Part of the reason America’s gun violence crisis is hard to understand is that data on the problem is hard to access and make sense of. 

The data that does exist is often incomplete and unreliable. Federal and state funding to study the issue is scant. And legislation prevents the collection and distribution of records that could reveal important facts about how and why violence persists.

These conditions have had a detrimental effect on journalism seeking to go beyond the surface of a public health crisis that claims nearly 50,000 American lives every year. The pursuit of good data on gun violence is often too complicated, expensive, or time consuming for newsrooms to take on. The result is coverage that often fails to contextualize shootings and that puts emphasis on mass acts of violence that account for a fraction of annual gun deaths and injuries.

The Gun Violence Data Hub, a new initiative by The Trace — the only newsroom dedicated exclusively to covering gun violence — seeks to change that. The Data Hub is a multiyear project to increase the accessibility and use of accurate data on gun violence in journalism. Its team of editors, reporters, and researchers will proactively collect and clean datasets for public distribution, write and share tip sheets, and serve as a resource desk to other newsrooms, assisting journalists in their pursuit of data-informed reporting.

The Trace is building the Data Hub — the first resource of its kind — to fill gaps in the current data landscape, facilitate deeper reporting on gun violence, and increase public understanding of the issue.

For the Data Hub to be successful, it must be informed by the needs of journalists — from all mediums, and at all levels. Where do they encounter barriers to obtaining data on gun violence? How could access to regular, reliable data improve their reporting?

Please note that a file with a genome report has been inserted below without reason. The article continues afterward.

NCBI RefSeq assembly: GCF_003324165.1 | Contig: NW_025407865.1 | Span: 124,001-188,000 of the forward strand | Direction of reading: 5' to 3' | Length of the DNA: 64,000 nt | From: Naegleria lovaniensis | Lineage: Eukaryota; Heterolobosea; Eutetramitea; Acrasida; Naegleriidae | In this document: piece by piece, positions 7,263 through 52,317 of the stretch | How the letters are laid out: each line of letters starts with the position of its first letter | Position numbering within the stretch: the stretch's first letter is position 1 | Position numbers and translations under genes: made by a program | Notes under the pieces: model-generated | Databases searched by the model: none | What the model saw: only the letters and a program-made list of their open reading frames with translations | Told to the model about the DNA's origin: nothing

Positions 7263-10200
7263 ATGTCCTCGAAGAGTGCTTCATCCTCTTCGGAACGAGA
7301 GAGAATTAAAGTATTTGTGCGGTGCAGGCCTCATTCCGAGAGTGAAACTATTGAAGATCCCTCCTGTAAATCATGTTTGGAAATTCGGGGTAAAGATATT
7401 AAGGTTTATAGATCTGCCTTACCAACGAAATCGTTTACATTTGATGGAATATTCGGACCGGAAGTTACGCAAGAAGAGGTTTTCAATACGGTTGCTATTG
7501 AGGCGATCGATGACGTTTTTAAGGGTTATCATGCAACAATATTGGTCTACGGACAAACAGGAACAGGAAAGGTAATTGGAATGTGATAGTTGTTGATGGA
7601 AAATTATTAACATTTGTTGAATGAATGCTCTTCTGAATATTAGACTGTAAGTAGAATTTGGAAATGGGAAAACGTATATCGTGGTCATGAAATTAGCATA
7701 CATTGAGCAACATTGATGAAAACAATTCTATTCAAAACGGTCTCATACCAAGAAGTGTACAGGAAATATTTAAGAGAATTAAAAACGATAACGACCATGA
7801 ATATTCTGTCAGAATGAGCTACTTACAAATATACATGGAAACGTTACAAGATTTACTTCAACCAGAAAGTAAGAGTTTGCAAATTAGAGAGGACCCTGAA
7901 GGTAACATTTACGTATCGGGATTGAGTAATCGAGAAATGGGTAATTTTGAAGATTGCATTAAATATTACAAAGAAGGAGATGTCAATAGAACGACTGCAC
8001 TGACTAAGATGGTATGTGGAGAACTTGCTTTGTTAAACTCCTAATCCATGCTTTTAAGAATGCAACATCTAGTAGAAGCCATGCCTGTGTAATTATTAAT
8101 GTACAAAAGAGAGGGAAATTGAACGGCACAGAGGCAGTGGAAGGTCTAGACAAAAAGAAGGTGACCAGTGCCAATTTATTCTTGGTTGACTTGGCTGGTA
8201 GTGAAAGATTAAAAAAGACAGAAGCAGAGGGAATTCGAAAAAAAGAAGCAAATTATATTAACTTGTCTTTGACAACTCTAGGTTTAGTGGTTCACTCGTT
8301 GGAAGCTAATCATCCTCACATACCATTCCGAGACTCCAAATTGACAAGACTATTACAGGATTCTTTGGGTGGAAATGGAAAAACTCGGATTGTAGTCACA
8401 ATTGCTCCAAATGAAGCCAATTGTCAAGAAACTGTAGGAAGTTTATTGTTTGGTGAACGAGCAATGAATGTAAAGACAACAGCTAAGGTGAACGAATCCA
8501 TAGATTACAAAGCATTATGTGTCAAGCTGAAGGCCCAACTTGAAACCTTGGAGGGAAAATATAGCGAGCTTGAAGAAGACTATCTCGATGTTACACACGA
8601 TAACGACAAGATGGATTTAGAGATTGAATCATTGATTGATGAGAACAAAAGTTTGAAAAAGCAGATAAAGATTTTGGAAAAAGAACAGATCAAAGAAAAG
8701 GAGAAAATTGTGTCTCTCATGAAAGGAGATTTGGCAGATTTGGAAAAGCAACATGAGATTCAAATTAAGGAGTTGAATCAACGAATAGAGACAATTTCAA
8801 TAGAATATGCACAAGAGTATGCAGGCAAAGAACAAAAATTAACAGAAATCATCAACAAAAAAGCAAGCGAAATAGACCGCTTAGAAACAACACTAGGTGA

If you’re a journalist or professional interested in this project, please fill out the questionnaire below. We’d love to connect with you and discuss how this project can help your coverage of gun violence, crime, public safety, and public health.

The Trace is able to invest in data reporting and analysis that leads to significant journalistic impact. By analyzing 370,000 shootings logged by the Gun Violence Archive, our team laid bare the ongoing crisis in small towns and rural communities, where gun homicides and assaults are rising even as they decline in larger cities. By creating a searchable database of inspection reports from the Bureau of Alcohol, Tobacco, Firearms and Explosives, The Trace and its partners revealed a pattern of lax enforcement of gun dealers and spurred the Biden administration to shut down more of those that break the law

Since our founding in 2015, The Trace has published stories with more than 300 media partners. The Data Hub will extend our capacity for collaboration by creating resources and tools that journalists at other outlets can use in their own coverage. 

Over the next several months, The Trace will hire people for key positions at the Data Hub and will post job openings here. We plan to launch in the fall.

Initial support for the Gun Violence Data Hub has been generously provided by Arnold Ventures and The John D. and Catherine T. MacArthur Foundation.

The Trace is building the Data Hub alongside its local reporting initiative, which embeds beat journalists and community engagement specialists in cities disproportionately affected by shootings. In Chicago, funding for The Trace’s local initiative is provided by the Joyce Foundation, the Alvin H. Baum Family Foundation, the Field Foundation, and the Polk Bros. Foundation. The Trace’s local reporting in Philadelphia is made possible in part by the Comcast NBCUniversal Foundation, the Lenfest Institute for Journalism, the Neubauer Family Foundation, and the William Penn Foundation. You can view a list of The Trace’s funders here, and read our editorial independence policy here.